So far, neither Verbitskii nor anyone else has been charged in this attack. Also, reports in gazeta.ru and "Novaya gazeta" this week suggested that they are not likely to be. Writing in "Novaya gazeta," No. 68, Yabloko youth-branch head Ilya Yashin, citing an anonymous police source, reported that presidential-administration official Nikita Ivanov visited the police station where the group of men suspected of taking part in the attack were being held and arranged for them to be quickly released without following regular police procedures. According to Yashin, Ivanov, 31, is nominally the deputy head of the administration for interregional and cultural relations with foreign countries at the presidential administration, but his department is in fact primarily concerned with youth policy and preventing an Orange Revolution. So far, only gazeta.ru has echoed Yashin's claims about Ivanov's activities that day, and Ivanov's office has declined to comment.
According to most detailed accounts of the Russian soccer fan clubs, the young men share certain prejudices, such as a hatred for persons from the Caucasus, but they lack any broader political agenda. Their role models are British soccer hooligans. Bill Buford, an American journalist who went undercover with fans of Manchester United's Red Devils, suggested that British hooligans seek an ecstatic, sex-like release from mass violence. Similarly, "Komsomolskaya pravda" wrote that Russian soccer fanatics "are directed not by political convictions but by the search for strong sensations." In their search for an adrenaline rush, they aren't likely to be easily controlled by anyone -- regardless of their bureaucratic rank within the Kremlin or without. (Julie A. Corwin)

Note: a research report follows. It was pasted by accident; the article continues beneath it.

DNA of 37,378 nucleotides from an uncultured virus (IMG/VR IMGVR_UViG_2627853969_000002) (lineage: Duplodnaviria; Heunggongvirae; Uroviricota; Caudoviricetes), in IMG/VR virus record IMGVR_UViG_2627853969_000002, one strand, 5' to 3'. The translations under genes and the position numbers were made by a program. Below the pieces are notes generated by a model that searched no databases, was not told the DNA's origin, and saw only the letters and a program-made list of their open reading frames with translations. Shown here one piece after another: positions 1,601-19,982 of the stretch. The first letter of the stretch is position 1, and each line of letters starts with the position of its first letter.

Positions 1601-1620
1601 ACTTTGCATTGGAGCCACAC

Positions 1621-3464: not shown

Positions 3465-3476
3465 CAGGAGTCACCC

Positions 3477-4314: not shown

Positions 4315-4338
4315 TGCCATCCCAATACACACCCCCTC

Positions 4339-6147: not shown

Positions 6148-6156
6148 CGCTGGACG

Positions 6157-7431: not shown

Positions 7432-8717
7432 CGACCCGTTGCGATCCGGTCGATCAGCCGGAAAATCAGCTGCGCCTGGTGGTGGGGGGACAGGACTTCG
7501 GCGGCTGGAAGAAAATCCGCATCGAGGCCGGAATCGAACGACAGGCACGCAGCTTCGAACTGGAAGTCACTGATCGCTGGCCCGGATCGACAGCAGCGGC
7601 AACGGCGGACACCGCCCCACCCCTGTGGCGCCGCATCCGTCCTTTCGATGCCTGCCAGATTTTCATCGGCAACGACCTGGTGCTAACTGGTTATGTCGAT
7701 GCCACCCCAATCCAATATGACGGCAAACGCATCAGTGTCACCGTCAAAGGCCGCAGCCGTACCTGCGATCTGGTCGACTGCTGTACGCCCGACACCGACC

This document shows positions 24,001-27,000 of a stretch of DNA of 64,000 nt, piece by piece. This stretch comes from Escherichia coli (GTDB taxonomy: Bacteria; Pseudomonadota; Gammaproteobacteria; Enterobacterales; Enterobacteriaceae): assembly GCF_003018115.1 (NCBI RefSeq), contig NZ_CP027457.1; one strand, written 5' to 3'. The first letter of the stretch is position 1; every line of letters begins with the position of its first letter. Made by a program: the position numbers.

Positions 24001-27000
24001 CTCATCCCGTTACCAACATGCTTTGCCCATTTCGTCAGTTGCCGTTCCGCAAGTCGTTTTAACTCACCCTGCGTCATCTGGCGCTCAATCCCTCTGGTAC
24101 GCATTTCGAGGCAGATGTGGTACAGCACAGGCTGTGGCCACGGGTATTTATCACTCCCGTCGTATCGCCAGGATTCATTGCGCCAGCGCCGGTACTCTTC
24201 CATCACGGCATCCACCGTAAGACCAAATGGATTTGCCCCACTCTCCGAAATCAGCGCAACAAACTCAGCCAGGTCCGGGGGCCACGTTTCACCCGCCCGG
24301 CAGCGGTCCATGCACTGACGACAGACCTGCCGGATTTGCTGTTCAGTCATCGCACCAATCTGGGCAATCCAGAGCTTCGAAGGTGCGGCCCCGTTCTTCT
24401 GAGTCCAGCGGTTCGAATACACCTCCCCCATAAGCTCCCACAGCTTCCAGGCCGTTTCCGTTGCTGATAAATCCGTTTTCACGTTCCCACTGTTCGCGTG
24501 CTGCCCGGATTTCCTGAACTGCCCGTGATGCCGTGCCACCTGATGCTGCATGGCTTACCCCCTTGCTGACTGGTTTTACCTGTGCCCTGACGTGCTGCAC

WASHINGTON SIGNS $300 MILLION AID PACT WITH TBILISI.
U.S. and Georgian officials have hailed what they called an intensified partnership following the signing of the Millennium Challenge Compact (MCC) on 12 September. The $295.3 million aid grant seeks to make infrastructure improvement the catalyst for development in some of Georgia's poorest areas.
At a signing ceremony in New York, Secretary of State Condoleezza Rice said the grant signals Washington's long-term commitment to Georgia. "Our partnership will only to grow stronger as Georgia continues to establish the rule of law, a vibrant civil society, an independent media, a free economy and accountable, effective institutions of government at all levels," Rice said.
Two-thirds of the funds will go to infrastructure improvements, including the rehabilitation of about 245 kilometers of road traversing the southern Samtskhe-Djavakheti region. Another plan is to use MCC funds to rehabilitate the north-south gas pipeline from Russia. It also includes municipal infrastructure development for water, sanitation, irrigation, and roads in regions outside the capital.
They were among the recommendations Georgian civilians and community groups made in a nearly countrywide consultative process.
Rice said U.S. officials expect the program to benefit hundreds of thousands of Georgians, particularly in the impoverished south. She explained how the program was intended to work in the region: "The country will rebuild a regional thoroughfare that will cut the average travel time from rural areas to Tbilisi by 43 percent. This will make it easier for farmers and small-business owners to transport their goods to market and will enable more citizens to gain access to social services."
Some preparatory work for the road and pipeline projects has already begun and major work is expected to begin next spring.
Georgia became the fifth country to sign a compact with Washington under the Millennium Challenge program. The plan has drawn some criticism in the U.S. Congress for the time it has taken to disburse aid.
The administration of U.S. President George W. Bush set up the program to give money to poor countries with proper governance. Local officials decide how to use the grants but must show some impact on economic growth. The timing of this latest compact comes just days ahead of the UN summit, in which member states are having difficulty agreeing on aid commitments to reduce poverty.